Tuesday, August 25, 2015

Ergo Concluso in Contra Manicheus!

(Thomas von Aquin bei Ludwig dem Heiligen, by Niklaus Manuel)
Louis IX of France is known as a saint, a moral leader, an affectionate husband, a (less than successful) crusader, and a holy mentor to his son. It is not my purpose here to expound upon his life and saintliness, but rather to consider an odd incident late in his life. The fame of Tommaso d’Aquino’s theological genius had grown so great in Europe that he was known to dine occasionally with the king, who no doubt enjoyed speaking on matters of the Faith with the Angelic Doctor.

One day the two were lunching together, and Tommaso’s mind began to wander back to the Summa he was in the midst of writing. His dining companions apparently did not notice his mental withdrawal until he pounded his fist on the table and shouted out, “Ergo concluso in contra manicheus!” (With this I finish the Manicheans!)—for Thomas Aquinas had conceived of a new argument against the dualist heretics plaguing Europe.

Stunned, it only took King Louis and Thomas’ secretary Friar Reginald a few moments to find ink and paper so that the argument could be preserved for theological tracts and debates. Once written, the meal continued with new vigor and joy.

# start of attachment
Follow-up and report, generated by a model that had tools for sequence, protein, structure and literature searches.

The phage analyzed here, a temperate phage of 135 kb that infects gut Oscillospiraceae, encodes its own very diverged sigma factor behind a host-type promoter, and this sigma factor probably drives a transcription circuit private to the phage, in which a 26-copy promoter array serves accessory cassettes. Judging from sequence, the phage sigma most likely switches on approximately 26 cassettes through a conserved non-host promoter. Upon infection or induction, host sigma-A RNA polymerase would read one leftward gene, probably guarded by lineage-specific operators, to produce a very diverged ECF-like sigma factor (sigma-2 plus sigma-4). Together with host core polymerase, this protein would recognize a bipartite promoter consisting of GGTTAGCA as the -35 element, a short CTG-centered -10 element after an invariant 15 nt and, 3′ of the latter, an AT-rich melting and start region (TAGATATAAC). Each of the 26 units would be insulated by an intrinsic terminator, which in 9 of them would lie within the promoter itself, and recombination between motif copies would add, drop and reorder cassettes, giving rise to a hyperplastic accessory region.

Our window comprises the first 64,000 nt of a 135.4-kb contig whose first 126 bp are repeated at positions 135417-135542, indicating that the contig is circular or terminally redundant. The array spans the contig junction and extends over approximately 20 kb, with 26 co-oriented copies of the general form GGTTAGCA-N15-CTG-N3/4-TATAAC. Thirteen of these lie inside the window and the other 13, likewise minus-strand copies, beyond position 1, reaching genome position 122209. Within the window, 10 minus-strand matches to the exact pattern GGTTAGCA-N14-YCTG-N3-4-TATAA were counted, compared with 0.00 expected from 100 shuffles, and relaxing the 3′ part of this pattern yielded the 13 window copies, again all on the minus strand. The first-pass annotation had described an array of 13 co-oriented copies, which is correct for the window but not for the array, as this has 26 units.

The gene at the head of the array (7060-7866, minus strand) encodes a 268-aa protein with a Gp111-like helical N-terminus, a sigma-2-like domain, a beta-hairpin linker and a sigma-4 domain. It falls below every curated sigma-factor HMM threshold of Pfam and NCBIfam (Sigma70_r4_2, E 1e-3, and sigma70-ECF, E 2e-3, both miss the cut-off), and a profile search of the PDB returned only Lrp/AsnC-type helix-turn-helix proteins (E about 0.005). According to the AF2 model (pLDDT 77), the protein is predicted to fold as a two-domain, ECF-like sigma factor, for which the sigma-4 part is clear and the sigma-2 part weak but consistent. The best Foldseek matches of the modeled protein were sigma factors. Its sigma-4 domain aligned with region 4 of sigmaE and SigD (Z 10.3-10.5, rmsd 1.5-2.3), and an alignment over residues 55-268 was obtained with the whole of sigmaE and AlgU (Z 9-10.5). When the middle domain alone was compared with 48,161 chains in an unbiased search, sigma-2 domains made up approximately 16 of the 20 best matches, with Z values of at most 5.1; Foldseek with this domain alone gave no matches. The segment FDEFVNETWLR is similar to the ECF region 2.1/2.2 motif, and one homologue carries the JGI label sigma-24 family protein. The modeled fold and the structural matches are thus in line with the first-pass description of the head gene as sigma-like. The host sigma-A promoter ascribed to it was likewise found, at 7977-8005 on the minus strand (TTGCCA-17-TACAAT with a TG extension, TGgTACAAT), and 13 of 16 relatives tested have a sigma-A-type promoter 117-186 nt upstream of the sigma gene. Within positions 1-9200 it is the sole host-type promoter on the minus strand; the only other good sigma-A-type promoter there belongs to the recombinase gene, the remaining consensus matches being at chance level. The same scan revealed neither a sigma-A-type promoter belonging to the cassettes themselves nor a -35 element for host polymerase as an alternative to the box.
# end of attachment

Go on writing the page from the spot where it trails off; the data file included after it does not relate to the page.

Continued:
One could formulate an entire theology of feasting from this incident alone. The sharing of good food and sacred conversation is a joy known best to orthodox Christians. We rejoice in truth, and are driven to celebrate by enjoying the best the fruits of the earth. Is it any coincidence that Chartreuse, that most Catholic of drinks, was invented in Louis’ old realm?

As St. John the Golden-Mouthed once said, “Ubi caritas gaudet, ibi est festivitas” (Where love rejoices, there is festivity).

St. Louis of France, pray for us! (source)

1 comment:

  1. Heaven is described as a wedding feast. A freaking wedding feast - with wine and food. I need no more to convince me against the dualists.